… and apparently a CPU cooler, too — for the second visit, that is. The original cooler, a simple air cooler, was probably suitable, but remember that prebuilt aspect? The cooler’s mounting bracket was glued to the bottom of the motherboard ~ not reuseable.

Alright: New motherboard and cooler, old CPU, memory, drives, and power supply. The results? No POST.

Next trip? Wait — about these “next trips:” The nearest place carrying all of these raw computer parts are our friendly neighborhood Micro Centers, were the “neighborhoods” are a choice of a 45-minute drive plus tolls either to the northeast of Baltimore or to the northwest of Washington, D.C. ~ choose your Beltway. So for the next trip, I’d pick up both replacement memory (as the old set was a pair of nondescript 8 GB, 2666 Hz sticks) as well as a new CPU — after carefully confirming the return policy, of course. The CPU would be hedging the bet and saving a trip, just in case… The 8th generation i7 was no longer sold by Micro Center as all the 9th generation stuff was out. The latest model, the Core i9 was certainly overkill — and over priced — for my needs, so the step in between would do: the 9th generation Core i7 9700k. I’m told the gamers love it, what with 8-cores and overclocking capable, what’s not to love except maybe the price around $400?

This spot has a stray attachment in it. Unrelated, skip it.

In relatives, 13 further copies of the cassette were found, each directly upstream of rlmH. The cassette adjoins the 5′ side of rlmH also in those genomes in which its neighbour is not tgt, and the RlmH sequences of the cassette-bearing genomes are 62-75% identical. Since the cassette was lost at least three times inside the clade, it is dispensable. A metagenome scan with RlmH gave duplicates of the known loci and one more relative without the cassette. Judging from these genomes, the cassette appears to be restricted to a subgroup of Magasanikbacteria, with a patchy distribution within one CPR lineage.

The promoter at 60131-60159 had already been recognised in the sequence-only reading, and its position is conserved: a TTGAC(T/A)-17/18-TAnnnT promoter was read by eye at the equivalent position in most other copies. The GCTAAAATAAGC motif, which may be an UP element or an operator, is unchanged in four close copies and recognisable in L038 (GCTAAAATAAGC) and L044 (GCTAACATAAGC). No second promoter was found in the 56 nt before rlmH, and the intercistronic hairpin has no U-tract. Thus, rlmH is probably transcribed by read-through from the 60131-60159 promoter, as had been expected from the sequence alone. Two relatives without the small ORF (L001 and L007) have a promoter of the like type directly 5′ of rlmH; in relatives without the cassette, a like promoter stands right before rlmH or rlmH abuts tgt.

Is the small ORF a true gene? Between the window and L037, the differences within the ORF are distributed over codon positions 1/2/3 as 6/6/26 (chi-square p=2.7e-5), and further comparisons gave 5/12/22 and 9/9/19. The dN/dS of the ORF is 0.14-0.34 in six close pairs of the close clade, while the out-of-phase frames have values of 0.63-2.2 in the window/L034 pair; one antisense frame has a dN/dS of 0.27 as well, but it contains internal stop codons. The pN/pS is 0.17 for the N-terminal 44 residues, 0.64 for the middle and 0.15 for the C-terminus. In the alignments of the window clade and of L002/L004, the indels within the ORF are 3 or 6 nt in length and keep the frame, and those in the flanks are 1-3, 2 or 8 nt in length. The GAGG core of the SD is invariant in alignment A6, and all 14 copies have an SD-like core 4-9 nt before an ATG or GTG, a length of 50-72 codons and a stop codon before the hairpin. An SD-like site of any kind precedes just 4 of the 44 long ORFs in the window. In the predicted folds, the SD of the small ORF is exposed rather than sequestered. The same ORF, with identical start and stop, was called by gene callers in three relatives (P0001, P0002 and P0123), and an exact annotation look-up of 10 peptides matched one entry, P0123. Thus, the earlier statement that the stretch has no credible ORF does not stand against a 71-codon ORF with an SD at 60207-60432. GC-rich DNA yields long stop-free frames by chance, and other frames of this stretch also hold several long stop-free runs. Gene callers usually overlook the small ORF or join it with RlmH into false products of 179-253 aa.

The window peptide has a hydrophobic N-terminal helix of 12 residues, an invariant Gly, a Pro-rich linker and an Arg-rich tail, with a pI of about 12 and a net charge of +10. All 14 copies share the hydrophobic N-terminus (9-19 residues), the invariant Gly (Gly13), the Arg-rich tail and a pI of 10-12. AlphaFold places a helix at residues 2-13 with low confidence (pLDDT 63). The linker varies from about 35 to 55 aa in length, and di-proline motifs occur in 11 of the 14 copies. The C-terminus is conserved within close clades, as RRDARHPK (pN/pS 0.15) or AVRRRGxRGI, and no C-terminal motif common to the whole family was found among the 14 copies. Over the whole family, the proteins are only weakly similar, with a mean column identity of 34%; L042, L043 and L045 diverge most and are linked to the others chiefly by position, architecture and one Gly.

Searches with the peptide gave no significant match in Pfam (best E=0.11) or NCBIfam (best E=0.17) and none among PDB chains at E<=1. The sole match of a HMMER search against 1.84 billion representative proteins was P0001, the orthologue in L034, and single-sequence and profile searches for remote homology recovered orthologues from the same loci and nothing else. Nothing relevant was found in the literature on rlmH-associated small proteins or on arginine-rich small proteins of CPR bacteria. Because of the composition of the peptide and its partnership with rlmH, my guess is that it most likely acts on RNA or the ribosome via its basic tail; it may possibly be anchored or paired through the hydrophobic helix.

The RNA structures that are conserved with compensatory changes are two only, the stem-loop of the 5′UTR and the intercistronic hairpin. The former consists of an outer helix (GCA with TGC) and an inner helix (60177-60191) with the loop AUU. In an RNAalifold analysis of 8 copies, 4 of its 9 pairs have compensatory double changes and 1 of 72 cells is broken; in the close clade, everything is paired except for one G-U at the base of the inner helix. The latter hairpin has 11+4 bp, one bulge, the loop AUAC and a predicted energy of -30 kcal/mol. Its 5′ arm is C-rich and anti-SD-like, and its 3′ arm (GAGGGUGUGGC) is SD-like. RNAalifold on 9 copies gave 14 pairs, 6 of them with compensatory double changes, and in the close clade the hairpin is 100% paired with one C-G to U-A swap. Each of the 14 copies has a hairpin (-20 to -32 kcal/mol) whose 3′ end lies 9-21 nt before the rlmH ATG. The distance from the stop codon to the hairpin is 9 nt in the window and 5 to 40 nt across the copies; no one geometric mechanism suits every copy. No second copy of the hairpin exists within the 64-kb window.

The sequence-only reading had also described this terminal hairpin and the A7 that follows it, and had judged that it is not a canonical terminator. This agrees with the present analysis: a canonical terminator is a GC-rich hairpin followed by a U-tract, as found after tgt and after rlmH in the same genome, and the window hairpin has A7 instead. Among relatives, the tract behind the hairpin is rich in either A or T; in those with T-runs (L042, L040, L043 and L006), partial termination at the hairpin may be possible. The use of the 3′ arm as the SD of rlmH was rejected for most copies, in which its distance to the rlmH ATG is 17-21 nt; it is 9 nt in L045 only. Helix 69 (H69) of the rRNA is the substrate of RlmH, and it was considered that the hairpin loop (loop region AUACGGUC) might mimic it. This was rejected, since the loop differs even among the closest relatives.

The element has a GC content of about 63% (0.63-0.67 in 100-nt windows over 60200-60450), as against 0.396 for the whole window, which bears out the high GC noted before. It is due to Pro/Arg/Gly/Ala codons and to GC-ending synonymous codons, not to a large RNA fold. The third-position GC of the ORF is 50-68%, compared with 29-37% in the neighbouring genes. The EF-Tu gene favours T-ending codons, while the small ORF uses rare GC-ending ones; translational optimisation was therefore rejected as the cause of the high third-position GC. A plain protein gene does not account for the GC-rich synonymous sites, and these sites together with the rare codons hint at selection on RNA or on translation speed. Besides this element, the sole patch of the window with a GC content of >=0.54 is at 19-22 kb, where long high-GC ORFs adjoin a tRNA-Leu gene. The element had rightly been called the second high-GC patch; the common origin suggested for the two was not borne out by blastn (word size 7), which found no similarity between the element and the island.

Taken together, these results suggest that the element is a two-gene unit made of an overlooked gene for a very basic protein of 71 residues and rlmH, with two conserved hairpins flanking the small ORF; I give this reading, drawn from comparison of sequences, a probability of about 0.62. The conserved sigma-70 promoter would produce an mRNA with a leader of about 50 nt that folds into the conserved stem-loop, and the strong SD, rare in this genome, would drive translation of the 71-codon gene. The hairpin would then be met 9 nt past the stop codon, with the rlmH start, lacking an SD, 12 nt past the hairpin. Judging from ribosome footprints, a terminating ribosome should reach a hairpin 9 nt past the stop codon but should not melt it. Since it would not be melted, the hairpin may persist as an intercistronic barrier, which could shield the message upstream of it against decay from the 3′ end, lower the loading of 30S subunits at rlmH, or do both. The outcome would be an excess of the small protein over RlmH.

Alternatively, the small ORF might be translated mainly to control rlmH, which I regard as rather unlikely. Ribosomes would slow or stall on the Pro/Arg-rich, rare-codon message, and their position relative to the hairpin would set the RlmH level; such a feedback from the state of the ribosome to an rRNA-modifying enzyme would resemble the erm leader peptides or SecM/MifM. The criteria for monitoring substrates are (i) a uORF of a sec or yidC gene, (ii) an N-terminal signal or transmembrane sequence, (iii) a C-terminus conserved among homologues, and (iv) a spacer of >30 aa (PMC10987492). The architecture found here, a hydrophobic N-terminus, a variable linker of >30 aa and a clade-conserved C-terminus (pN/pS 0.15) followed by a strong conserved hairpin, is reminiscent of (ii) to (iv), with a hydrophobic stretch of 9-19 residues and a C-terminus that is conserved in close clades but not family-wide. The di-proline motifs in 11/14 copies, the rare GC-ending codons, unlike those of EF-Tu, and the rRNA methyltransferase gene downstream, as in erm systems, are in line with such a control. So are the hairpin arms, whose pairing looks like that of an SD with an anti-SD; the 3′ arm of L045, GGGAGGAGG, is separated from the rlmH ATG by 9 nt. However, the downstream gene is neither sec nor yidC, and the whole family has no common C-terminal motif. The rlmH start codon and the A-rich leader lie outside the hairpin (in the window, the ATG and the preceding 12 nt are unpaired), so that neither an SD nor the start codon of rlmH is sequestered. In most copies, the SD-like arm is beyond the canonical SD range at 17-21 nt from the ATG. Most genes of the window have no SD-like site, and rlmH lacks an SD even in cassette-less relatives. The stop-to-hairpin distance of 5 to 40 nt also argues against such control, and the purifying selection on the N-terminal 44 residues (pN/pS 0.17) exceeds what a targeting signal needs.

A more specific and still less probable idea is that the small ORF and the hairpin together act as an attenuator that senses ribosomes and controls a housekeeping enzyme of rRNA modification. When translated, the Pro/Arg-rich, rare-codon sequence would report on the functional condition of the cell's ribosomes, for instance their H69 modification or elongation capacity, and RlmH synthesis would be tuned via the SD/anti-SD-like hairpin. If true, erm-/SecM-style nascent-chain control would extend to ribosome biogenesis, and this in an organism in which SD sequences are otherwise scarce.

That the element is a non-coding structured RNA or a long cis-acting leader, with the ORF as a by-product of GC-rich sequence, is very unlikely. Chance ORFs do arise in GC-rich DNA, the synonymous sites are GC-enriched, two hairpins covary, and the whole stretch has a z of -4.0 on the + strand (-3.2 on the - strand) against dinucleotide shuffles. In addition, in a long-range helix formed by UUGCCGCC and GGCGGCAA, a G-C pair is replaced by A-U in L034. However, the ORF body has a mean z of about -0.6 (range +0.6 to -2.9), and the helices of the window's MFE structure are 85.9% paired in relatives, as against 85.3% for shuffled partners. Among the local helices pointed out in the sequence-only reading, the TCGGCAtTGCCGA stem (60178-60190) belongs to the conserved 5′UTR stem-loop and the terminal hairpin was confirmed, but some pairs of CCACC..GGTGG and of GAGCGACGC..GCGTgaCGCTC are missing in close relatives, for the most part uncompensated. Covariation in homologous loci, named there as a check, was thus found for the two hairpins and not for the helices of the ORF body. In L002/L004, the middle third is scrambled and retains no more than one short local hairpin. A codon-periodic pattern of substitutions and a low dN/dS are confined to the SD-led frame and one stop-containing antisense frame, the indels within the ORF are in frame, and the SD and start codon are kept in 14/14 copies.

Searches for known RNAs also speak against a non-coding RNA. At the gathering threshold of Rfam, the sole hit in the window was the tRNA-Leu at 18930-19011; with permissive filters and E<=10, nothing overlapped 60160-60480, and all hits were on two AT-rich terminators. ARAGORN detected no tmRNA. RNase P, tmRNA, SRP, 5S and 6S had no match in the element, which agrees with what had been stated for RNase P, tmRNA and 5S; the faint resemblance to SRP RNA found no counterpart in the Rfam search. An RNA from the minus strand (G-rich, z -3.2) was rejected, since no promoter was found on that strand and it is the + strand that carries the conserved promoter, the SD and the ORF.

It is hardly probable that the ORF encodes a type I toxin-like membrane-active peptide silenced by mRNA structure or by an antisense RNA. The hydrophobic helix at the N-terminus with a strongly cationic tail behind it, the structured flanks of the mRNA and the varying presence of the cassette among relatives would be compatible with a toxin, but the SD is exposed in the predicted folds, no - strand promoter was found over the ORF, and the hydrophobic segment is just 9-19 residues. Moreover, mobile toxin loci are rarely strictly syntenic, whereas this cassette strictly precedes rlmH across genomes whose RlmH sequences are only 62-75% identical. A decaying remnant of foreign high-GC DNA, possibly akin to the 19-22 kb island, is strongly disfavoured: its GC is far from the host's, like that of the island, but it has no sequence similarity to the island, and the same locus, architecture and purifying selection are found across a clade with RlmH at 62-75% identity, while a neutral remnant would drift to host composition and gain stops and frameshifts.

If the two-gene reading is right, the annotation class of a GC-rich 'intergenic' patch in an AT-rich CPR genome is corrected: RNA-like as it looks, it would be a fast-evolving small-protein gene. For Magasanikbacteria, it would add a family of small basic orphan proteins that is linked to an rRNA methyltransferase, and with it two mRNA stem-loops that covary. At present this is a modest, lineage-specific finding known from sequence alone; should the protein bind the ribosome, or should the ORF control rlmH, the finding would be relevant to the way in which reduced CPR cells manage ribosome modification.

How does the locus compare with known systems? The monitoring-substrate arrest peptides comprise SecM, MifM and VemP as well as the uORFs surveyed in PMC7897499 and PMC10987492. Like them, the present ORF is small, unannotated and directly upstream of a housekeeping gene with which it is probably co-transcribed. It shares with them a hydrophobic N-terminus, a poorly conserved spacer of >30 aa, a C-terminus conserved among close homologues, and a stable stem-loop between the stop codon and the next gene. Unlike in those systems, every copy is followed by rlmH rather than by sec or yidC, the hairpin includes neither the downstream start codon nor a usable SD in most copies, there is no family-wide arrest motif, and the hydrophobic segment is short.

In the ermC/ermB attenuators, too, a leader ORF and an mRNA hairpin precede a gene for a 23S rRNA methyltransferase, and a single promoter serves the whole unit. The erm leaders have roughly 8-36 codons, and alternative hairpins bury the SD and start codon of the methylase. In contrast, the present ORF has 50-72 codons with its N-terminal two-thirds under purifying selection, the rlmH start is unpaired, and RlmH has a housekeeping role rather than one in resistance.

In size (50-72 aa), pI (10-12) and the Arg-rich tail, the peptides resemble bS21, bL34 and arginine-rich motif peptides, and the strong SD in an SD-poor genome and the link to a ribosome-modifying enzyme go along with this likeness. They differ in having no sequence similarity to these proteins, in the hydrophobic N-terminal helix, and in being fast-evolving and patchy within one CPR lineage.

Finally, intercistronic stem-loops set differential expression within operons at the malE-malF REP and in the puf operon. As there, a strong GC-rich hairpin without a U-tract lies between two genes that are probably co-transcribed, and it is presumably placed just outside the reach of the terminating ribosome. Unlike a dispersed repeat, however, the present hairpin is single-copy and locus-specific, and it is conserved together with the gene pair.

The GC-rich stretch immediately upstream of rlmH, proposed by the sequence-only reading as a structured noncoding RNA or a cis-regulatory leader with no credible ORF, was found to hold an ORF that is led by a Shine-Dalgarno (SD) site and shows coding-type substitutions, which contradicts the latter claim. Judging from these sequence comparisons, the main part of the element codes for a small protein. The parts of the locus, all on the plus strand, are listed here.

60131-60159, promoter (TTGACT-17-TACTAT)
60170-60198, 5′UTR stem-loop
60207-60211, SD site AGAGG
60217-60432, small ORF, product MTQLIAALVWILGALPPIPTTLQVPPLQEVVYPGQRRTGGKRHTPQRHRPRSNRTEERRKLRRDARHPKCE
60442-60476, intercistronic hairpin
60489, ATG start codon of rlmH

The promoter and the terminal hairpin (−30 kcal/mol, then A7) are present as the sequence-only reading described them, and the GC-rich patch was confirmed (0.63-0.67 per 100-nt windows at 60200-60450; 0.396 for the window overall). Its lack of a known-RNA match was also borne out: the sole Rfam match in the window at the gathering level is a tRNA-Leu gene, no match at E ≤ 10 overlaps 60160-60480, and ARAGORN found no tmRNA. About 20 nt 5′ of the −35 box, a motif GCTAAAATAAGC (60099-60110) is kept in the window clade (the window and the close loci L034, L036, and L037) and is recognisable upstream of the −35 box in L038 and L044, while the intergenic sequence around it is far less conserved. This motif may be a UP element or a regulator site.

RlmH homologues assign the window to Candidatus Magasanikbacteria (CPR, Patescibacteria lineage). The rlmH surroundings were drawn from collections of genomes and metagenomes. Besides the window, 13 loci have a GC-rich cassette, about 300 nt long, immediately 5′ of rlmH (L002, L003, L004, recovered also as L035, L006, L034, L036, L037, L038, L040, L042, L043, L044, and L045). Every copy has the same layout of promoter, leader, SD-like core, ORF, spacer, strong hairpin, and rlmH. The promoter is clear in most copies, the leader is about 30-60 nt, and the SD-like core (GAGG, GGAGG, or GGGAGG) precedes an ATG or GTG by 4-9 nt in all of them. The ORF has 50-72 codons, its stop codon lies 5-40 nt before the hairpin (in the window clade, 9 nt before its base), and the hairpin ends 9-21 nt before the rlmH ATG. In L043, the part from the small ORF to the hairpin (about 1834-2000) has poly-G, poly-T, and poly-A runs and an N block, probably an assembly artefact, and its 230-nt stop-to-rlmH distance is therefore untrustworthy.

Well, the memory alone was not a fix — but as long as I had the better memory, might as well keep it. And yes, big air cooler off, old CPU pull, new CPU push, air cooler remount did the trick — we have POST!

What I didn’t have was any recognized boot drive. Finagling a wired USB keyboard, a wired USB mouse, and a USB thumb drive, I got a live instance of Ubuntu running. From there, yes, I could see the boot partition, but the box somehow couldn’t… And the XCP-ng partitioning wasn’t great (at least not at the time): Only about 40G of the 128G NVME was used by XCP-ng during the auto-install. In an old effort to recover some of that space, I linked the spinning drive to the NVME drive with linux logical volume management (LVM) — a bad move that produced no useful results. “It’d probably just be easier to kill those disks and start fresh, right?” I thought to myself… and then pushed the button.

Okay then: a fresh linux install. “Maybe this will serve as a development station in the meantime…” Install the desktop environment and… achievement unlocked!

… but what’s with that annoying flickering?

Google research… upgrade motherboard BIOS… tinker with settings in the OS and in BIOS… Swap HDMI ports, cables, monitors… No, still the occasional, full-screen blackout flicker. That is certainly not suitable for a workstation… The internet had no solution indexed — just some discussions regarding the Intel integrated graphics and the latest Linux 5.3 kernel…

Last trip, this time to the local Best Buy for a light raping by the price of a GPU card. Later that evening, after some installation details worthy of their own story, the flicker is gone. Woot.